The other at its core points to polarizing dichotomies whether of race, religion, social class, gender, sexual preferences. To imagine the other one need not look far, perhaps there is someone standing next to you, and that person then is the other.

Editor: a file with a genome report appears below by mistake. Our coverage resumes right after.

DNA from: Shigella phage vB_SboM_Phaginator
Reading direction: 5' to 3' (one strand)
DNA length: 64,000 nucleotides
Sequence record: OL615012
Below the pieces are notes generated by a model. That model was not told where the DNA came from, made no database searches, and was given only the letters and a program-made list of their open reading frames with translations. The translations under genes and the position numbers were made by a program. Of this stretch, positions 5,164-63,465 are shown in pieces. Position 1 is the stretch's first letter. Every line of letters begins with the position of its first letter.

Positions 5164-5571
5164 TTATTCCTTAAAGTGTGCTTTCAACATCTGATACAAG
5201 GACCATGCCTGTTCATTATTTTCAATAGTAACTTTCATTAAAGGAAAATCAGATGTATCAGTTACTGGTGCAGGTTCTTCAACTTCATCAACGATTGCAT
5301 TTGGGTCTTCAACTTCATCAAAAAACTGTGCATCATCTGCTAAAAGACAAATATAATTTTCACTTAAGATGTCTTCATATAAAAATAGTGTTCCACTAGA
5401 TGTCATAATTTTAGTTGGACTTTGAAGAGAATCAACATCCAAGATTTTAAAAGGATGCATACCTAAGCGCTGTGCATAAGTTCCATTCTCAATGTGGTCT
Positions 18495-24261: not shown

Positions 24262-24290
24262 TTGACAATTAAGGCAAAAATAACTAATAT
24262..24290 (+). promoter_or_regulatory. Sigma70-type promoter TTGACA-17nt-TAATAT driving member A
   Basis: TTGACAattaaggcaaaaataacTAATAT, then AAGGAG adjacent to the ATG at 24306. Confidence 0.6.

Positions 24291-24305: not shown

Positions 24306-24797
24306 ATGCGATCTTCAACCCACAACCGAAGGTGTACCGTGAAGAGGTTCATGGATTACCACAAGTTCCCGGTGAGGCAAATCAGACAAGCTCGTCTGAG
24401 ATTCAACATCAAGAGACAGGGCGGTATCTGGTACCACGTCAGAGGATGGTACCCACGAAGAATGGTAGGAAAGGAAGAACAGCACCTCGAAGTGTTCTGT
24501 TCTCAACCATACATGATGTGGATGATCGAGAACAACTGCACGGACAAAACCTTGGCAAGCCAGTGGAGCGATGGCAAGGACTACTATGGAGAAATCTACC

Conversely, the other can be as close as ones own reflection in a mirror. Throughout history the other has been a moving target as various cultures merge and blend through territorial expansion, war, and trade—today we can add to the list of factors television, trans-continental flight and the Internet. Our world is shrinking; people and ideas move over distances and through time in a way almost unimaginable twenty years ago. Yet we live in a world where cultural homogeneity as concrete fact has never been experienced. The lines of delineation are razor thin; we are all the other dealing … Read More »